View of Emotional Disturbance:
We originally learn irrational beliefs from significant others during childhood. We create irrational dogmas and superstitions by ourselves. We actively reinforce self-defeating beliefs by the processes of autosuggestion and self-repetition and by behaving as if they are useful. It is largely our own repetition of early-indoctrinated irrational thoughts that keeps dysfunctional attitudes alive and operative within us.
Ellis contends that people do not need to be accepted and loved, even though this may be highly desirable. He insists that blame is at the core of most emotional disturbances. To recover from a neurosis or a personality disorder, we had better stop blaming ourselves and others. Instead, it is important that we learn to accept ourselves despite our imperfections. We have strong tendencies to escalate our desires and preferences into dogmatic “shoulds” “musts,” “oughts,” demands, and commands. Such demands create disruptive feelings and dysfunctional behavior.
• I must have love or approval from all the significant people in my life.
• It’s easier to avoid facing life’s difficulties and responsibilities than to undertake more rewarding forms of self-discipline.
A-B-C Theory of Personality:
A is the existence of a fact, an event, or the behavior or attitude of an individual. C is the emotional and behavioral consequence or reaction of the individual; the reaction can be either healthy or unhealthy. A (the activating event) does not cause C (the emotional consequence). Instead B, which is the person’s belief about A, largely causes C, the emotional reaction. Showing people how they can change the irrational beliefs that directly “cause” their disturbed emotional consequences is the heart of REBT.
An emotional disturbance is fostered by the self-defeating sentences clients continually repeat to themselves, such as “I am totally to blame for the divorce.” “I am a miserable failure, and everything I did was wrong,” Ellis repeatedly makes the point that “you mainly feel the way you think.”
There are three components of the disrupting process: detecting, debating, and discriminating. Clients learn how to detect their irrational beliefs, particularly their absolutist “shoulds” and “musts,” their “awfulizing,” and their “self-downing.” Clients then debate their dysfunctional beliefs by learning how to logically and empirically question them and to vigorously argue themselves out of and act against believing them. Finally, clients learn to discriminate irrational (self-defeating) beliefs from rational (self-helping) beliefs.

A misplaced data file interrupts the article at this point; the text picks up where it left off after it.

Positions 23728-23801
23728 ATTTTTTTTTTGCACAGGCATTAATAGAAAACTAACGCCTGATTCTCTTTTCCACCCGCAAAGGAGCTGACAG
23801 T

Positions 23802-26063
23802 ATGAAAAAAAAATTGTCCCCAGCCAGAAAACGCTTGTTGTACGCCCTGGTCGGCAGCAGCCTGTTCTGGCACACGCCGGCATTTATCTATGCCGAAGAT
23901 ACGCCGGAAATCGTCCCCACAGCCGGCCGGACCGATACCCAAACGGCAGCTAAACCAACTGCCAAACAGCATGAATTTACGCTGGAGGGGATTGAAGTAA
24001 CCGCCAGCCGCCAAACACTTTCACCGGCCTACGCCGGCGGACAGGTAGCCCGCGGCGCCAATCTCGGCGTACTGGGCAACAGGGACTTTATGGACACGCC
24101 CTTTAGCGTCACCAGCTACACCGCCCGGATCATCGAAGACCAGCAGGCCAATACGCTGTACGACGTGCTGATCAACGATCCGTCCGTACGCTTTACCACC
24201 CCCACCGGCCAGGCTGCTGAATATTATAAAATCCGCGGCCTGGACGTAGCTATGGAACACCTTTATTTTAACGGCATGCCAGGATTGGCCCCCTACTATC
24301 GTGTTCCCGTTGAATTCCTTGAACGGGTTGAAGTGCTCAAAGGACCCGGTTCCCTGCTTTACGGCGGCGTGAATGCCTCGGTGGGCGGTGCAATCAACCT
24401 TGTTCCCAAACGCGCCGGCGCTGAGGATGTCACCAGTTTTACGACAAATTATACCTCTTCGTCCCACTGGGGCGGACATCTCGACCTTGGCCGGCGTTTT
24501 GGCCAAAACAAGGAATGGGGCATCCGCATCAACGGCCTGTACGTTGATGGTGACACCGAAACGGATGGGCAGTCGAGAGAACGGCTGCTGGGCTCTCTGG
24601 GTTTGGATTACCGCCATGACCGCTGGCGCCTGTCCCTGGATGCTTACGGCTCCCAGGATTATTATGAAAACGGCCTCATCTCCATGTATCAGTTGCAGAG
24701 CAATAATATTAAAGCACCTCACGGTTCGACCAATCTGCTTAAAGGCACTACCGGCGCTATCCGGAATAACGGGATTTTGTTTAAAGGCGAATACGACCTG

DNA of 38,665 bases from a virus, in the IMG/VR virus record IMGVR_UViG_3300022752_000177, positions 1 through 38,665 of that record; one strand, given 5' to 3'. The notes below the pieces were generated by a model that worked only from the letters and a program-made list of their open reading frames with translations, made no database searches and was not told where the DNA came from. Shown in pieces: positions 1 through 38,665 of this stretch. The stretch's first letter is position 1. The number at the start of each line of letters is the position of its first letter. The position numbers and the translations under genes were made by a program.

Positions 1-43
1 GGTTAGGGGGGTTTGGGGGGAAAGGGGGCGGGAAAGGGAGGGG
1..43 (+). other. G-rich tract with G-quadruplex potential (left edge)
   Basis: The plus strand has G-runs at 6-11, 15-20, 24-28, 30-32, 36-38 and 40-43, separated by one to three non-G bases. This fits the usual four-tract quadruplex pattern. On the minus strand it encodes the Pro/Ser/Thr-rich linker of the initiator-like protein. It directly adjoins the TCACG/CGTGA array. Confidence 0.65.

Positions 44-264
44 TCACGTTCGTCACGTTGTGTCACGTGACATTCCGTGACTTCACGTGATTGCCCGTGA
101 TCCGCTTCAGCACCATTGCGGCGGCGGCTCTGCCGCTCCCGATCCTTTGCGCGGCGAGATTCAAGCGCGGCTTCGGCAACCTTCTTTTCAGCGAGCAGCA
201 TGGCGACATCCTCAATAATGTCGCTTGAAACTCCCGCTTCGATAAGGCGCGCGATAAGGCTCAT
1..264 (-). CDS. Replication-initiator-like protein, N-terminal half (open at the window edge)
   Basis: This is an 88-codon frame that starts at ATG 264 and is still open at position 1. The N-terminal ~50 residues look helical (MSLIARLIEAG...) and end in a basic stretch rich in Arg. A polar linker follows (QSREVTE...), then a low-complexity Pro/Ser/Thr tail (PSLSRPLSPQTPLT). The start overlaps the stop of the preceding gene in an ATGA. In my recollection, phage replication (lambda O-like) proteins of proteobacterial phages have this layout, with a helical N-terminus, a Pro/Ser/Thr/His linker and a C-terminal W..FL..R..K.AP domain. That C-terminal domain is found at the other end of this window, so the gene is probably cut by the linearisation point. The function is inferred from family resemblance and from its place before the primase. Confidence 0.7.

A new and effective belief system consist of replacing unhealthy thoughts with healthy ones. If we are successful in doing this, we also create F, a new set of feelings. Instead of feeling seriously anxious and depressed, we feel healthily sorry and disappointed in accord with a situation.
According to Ellis, we have a strong tendency not only to rate our acts and behaviors as “good” or “bad,” “worthy” or “unworthy” but also to rate ourselves as a total person on the basis of our performances. Therefore, most cognitive behavior therapists have the general goal of teaching clients how to separate the evaluation of their behaviors from the evaluation of themselves – their essence and their totality – and how to accept themselves in spite of their imperfections. The goal and destination of clients is to minimize their emotional disturbances and self-defeating behaviors by acquiring a more realistic and workable philosophy of life. A basic goal is to teach client show to change their dysfunctional emotions and behaviors into healthy ones. As clients become more able to accept themselves, they are more likely to unconditionally accept others.
Therapist’s Function and Role:
The first step of the therapist is to show clients that they have incorporated many irrational “shoulds,” “oughts,” and “musts.” Clients learn to change their rigid “musts” into preferences. The therapist encourages and often persuades clients to engage in activities that will counter their self-defeating beliefs.